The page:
In­dia says 2012-13 GDP growth could hit decade-low

The Pak Banker - - Front Page -


City: In­dia’s eco­nomic growth could slow to as lit­tle as 5.5 per cent this fis­cal year, Fi­nance Min­is­ter P. Chi­dambaram told me­dia, sig­nalling the pos­si­bil­ity that Asia’s third largest econ­omy will ex­pand at its slow­est pace in a decade.

“I’m look­ing for­ward to this year end­ing with 5.5 to 6 per cent growth, bar­ring any un­ex­pected shocks, and next year get­ting back to 7 per cent growth, and in 2014-15 get­ting back to 8 per cent growth,” he said in an in­ter­view on Sun­day at a G20 meet­ing in Mex­ico.

The last time full-year growth fell be­low 6 per cent was in 2002-03 when the econ­omy ex­panded 4 per cent. A slump in in­dus­trial ac­tiv­ity be­cause of slow pol­icy-mak­ing and the global slow­down, com­bined with a drought, have dragged on In­dia’s per­for­mance this fis­cal year, which ends in March 2013.

Un­til now, the gov­ern­ment had es­ti­mated growth this year at around 6 per cent. The In­ter­na­tional Mone­tary Fund last month slashed its 2012 cal­en­dar year eco­nomic growth fore­cast for In­dia to 4.9 per cent from 6.1 per cent.

Chi­dambaram said In­dia had the where­withal to again reach its eco­nomic po­ten­tial. “In 2004-2008 we had 9 per cent plus growth. It’s not as though we have not done it be­fore,” he said. “We have slowed down thanks to the world and some do­mes­tic fac­tors, but we are ab­so­lutely con­fi­dent that we will get back to the higher-growth path.”

Chi­dambaram said he was con­cerned about in­fla­tion, which hit a 10-month high of 7.8 per cent in Septem­ber.

“We must learn to live with some in­fla­tion, but in­fla­tion can­not be at an un­ac­cept­able level. To­day it is at an un­ac­cept­able level,” he said.

In­dia’s cen­tral bank left in­ter­est rates un­changed at 8 per cent last week, de­fy­ing gov­ern­ment pres­sure to lower rates for the first time since April.

Rate cut ex­pec­ta­tions had grown af­ter Chi­dambaram out­lined a re­cent plan to cut the coun­try’s hefty fis­cal deficit and boost growth. The bank’s an­nounce­ment failed to calm mar­kets, push­ing bond yields and swap rates higher. Chi­dambaram said that with a com­bi­na­tion of mone­tary pol­icy, spend­ing cuts, and a tight­en­ing of tax col­lec­tion, In­dia could lower the deficit and fos­ter growth.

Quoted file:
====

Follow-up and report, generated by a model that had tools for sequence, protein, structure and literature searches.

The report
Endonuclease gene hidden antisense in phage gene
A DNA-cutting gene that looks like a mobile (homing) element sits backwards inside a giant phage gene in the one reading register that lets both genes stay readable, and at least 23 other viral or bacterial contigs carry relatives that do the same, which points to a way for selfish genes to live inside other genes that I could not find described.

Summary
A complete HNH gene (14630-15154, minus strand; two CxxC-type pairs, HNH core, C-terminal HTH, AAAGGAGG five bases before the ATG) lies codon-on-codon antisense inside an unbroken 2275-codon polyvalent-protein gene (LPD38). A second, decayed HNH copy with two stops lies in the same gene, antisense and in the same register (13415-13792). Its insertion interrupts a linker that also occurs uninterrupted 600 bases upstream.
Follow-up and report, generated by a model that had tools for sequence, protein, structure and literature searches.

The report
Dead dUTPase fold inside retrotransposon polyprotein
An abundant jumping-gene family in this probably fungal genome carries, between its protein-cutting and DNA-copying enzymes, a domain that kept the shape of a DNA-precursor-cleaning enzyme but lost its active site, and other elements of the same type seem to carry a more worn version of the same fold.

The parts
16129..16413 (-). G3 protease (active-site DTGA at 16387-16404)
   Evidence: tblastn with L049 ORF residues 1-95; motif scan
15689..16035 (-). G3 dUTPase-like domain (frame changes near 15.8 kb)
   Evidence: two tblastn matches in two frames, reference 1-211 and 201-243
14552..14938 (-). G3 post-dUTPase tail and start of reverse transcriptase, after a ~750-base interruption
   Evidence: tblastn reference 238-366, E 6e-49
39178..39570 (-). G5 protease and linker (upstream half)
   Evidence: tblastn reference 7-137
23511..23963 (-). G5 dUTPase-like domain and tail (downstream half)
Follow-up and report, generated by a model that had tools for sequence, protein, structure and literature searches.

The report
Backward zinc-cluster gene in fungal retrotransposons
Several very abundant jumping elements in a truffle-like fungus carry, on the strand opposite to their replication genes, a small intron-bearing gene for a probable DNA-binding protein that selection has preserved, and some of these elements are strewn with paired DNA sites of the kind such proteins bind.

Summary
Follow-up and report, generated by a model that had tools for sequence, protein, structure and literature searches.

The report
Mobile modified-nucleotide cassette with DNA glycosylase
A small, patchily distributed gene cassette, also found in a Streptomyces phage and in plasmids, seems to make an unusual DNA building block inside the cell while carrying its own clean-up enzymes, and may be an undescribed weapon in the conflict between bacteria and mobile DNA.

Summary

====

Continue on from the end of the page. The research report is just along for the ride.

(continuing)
“I’m con­fi­dent that with de­ter­mi­na­tion, hard work, and some pain, we will be able to con­tain the fis­cal deficit at 5.3 per cent,” Chi­dambaram said.

The re­vi­sion in the fis­cal deficit tar­get will re­sult in ad­di­tional mar­ket bor­row­ing up to the new level, he added. The gov­ern­ment bor­rows via ru­peede­nom­i­nated bonds that for­eign in­vestors are al­lowed to trade.

“I don’t ex­pect any ad­di­tional bor­row­ing over 5.3 per cent,” he said. That level of bor­row­ing will amount to at least 200 bil­lion ru­pees ($3.72 bil­lion), a se­nior fi­nance min­istry of­fi­cial told Reuters in New Delhi.

Pre­vi­ously, the gov­ern­ment had pegged gross mar­ket bor­row­ing for the cur­rent fis­cal year at 5.7 tril­lion ru­pees ($106.04 bil­lion) to fi­nance the orig­i­nal deficit tar­get of 5.1 per cent.

The fi­nance min­is­ter also re­jected the pos­si­bil­ity that In­dia might suf­fer a rat­ings down­grade, af­ter Stan­dard & Poor’s re­cently said the coun­try faces a one-in-three chance of a credit rat­ing down­grade to junk sta­tus over the next two years.

“In­dia cer­tainly does not de­serve a down­grade and we are tak­ing steps that will con­tain the fis­cal sit­u­a­tion,” he said. The Re­serve Bank of In­dia cut its GDP growth fore­cast for Asia’s third-largest econ­omy this fis­cal year to 5.8 per cent from 6.5 per cent pre­vi­ously. It raised its in­fla­tion pro­jec­tion in March to 7.5 per cent from a pre­vi­ous 7 per cent.

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